If you have any kind of niche skills where there isn't a heck of a lot of competition, that might be your best bet for landing a job, right now.

Imagination is more important than knowledge. -- Albert Einstein
Yeah, but.. (none / 0) (#49)
by AnalogBoy on Sun Feb 17, 2002 at 10:37:57 PM EST

I'm doing good for a 21 year old. I know. I've heard that a lot. I pushed myself very hard to learn what I did. I won't give a complete biography, but due to part of my nature, i'm pretty introverted. I also spent a good deal of my adolescent years in a pretty rural area - and i went to a school that was populated by rednecks, clique-of-the-week mansonites, and of course the ubiquitous pseudogangs that roam the halls.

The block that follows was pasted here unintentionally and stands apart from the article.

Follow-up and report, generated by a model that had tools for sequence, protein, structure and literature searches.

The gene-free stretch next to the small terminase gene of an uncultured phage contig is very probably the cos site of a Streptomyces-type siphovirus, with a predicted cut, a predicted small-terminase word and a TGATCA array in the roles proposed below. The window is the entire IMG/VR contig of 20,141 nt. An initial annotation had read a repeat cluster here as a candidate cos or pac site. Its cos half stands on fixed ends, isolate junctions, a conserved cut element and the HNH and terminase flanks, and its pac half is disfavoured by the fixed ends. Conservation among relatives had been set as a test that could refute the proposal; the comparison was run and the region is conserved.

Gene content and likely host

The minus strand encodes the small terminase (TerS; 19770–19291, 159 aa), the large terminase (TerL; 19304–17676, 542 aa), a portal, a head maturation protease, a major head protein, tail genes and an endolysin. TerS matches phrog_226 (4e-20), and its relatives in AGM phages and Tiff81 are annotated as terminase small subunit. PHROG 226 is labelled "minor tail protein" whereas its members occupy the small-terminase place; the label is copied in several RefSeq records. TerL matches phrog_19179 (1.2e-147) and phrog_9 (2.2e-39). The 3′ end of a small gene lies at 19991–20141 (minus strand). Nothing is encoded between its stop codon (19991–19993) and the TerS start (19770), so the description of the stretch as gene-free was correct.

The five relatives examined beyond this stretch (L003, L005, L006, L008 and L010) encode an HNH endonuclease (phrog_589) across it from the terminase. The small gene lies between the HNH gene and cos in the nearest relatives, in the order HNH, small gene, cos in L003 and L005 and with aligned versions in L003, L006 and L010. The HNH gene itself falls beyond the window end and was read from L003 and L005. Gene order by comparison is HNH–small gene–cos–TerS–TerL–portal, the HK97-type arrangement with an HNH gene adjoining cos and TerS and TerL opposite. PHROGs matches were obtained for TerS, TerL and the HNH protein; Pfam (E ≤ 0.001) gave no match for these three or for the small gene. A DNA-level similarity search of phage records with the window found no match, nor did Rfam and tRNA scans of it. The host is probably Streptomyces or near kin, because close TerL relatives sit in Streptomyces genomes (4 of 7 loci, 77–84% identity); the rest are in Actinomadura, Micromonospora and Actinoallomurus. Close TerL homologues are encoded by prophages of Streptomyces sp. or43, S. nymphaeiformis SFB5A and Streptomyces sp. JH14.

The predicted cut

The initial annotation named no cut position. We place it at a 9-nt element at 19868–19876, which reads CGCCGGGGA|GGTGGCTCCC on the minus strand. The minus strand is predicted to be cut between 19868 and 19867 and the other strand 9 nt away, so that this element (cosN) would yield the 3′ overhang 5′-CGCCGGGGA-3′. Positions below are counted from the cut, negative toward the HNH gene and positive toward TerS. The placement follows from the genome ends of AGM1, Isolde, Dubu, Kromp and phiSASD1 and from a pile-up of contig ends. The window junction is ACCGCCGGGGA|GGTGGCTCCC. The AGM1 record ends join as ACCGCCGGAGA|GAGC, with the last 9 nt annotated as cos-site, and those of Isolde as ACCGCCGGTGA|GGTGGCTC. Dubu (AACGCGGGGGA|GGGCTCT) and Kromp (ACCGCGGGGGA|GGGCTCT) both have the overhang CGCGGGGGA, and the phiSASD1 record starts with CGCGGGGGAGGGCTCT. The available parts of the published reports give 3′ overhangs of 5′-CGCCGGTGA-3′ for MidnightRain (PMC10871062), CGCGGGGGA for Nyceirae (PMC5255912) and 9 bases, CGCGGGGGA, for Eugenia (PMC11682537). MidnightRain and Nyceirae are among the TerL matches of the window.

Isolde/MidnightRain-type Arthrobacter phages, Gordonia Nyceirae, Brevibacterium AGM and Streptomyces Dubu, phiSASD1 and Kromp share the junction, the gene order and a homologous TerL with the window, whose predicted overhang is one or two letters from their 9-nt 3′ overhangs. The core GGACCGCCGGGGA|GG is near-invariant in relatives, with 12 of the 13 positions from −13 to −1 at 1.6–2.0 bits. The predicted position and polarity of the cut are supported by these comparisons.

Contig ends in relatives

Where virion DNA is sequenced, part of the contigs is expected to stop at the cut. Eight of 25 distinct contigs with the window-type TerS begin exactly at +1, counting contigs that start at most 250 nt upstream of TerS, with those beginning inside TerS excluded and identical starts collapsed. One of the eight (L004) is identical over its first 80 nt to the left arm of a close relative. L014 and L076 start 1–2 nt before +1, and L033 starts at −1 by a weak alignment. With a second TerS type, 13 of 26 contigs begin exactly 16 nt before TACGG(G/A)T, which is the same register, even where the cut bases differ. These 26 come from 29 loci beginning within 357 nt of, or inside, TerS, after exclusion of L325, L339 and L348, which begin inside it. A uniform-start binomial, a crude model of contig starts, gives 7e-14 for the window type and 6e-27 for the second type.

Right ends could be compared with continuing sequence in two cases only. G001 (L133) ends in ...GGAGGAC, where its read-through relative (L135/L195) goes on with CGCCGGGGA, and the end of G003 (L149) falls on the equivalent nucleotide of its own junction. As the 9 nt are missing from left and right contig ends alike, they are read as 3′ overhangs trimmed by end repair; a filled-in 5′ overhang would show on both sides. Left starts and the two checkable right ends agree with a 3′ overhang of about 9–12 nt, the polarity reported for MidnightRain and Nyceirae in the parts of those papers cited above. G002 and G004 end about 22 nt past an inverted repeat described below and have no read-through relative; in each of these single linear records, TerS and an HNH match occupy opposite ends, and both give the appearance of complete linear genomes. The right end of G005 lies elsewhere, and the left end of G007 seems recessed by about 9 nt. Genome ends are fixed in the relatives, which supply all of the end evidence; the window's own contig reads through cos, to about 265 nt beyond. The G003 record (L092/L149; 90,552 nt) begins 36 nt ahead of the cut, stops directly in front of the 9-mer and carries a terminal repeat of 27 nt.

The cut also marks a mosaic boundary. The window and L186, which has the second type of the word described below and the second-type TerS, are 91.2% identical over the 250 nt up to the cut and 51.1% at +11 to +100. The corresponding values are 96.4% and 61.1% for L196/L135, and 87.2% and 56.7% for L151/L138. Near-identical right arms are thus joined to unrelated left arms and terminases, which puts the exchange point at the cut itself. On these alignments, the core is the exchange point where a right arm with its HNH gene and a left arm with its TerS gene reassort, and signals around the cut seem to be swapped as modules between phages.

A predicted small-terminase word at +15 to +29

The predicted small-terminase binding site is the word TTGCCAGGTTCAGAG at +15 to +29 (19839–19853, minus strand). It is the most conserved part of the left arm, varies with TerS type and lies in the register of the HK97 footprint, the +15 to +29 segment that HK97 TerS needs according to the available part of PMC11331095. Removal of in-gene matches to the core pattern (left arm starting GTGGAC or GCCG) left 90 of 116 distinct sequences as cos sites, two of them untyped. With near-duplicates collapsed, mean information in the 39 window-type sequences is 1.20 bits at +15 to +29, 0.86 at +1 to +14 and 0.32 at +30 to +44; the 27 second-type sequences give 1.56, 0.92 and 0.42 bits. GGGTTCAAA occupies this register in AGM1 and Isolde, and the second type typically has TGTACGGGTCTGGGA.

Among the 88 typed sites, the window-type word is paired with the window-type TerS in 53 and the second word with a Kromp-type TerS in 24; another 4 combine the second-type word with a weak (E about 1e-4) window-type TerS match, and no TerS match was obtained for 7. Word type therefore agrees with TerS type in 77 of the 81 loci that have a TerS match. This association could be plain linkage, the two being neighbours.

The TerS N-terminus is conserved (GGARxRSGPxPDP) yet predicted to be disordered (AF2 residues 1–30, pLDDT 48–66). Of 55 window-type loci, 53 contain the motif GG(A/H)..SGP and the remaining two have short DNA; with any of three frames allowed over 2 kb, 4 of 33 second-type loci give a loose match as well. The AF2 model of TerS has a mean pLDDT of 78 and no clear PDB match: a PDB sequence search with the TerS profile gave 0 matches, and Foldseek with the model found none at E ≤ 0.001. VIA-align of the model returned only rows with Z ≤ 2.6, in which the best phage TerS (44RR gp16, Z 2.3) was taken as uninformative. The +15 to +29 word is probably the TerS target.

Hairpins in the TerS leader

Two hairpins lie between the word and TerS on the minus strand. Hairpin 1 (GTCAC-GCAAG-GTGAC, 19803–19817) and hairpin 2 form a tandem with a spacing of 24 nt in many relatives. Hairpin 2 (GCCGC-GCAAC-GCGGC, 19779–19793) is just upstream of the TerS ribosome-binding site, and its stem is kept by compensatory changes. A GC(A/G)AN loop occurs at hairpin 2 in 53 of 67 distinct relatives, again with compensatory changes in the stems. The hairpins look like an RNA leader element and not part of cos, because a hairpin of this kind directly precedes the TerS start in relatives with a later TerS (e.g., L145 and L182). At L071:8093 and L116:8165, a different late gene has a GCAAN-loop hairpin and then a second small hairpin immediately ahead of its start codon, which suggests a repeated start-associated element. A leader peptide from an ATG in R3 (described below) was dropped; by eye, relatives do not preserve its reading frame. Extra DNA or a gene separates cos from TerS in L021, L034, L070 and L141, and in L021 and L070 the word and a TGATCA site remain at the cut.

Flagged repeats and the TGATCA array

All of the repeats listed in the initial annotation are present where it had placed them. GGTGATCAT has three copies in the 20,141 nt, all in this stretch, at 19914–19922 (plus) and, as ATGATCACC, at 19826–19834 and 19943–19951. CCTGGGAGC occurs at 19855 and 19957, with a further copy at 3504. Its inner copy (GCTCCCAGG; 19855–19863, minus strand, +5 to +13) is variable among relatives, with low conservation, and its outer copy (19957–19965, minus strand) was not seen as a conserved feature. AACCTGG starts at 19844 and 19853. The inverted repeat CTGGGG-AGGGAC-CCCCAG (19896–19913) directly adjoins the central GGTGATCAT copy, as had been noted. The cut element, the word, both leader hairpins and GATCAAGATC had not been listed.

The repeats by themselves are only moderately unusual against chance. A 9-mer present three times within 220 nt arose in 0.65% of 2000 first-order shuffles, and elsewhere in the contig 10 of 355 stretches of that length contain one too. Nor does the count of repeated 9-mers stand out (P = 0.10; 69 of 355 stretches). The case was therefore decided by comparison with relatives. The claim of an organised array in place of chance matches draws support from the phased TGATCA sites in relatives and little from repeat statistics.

I also got really lucky, entering the workforce a week after graduating highschool (with a pretty unimpressive GPA.. I didn't try in scholastic academics very hard, as here in Tennessee, your generic comprehensive high school isn't. ) Within 1/2 a year i was working in IT as a lan tech and, then, a helpdesk guy, then, a Jr. Unix Admin. I spent my nights studying, break/fixing things in various ways. (Enter the windows registry, purposefully corrupt.. that kind of thing.) I've done some pretty spectacular things for a 21 year old. But having 4 years experience in the industry is a bit misleading. Counting all the 14-16 hour days, weekends, and those annoying interdimensional extra days i've put in, i'd like to think its more like 5 or 5 1/2. I've been exposed to enough different environments and read enough "Best Practices" guides that I can safely say im better than average, on the Jr. Admin scale. The only thing holding be back, or was, is the fact that my previous employer had a policy of making you feel quite.. little. Bad pay, worse hours, 24/7 on-call. Benefits which, at the onset, we were told not to use (because the company pays for them). Strict rules about physical security (in a place which really shouldn't have had any). Perhaps getting laid off from there was the best thing that has happened to me - it will be a long time before I know.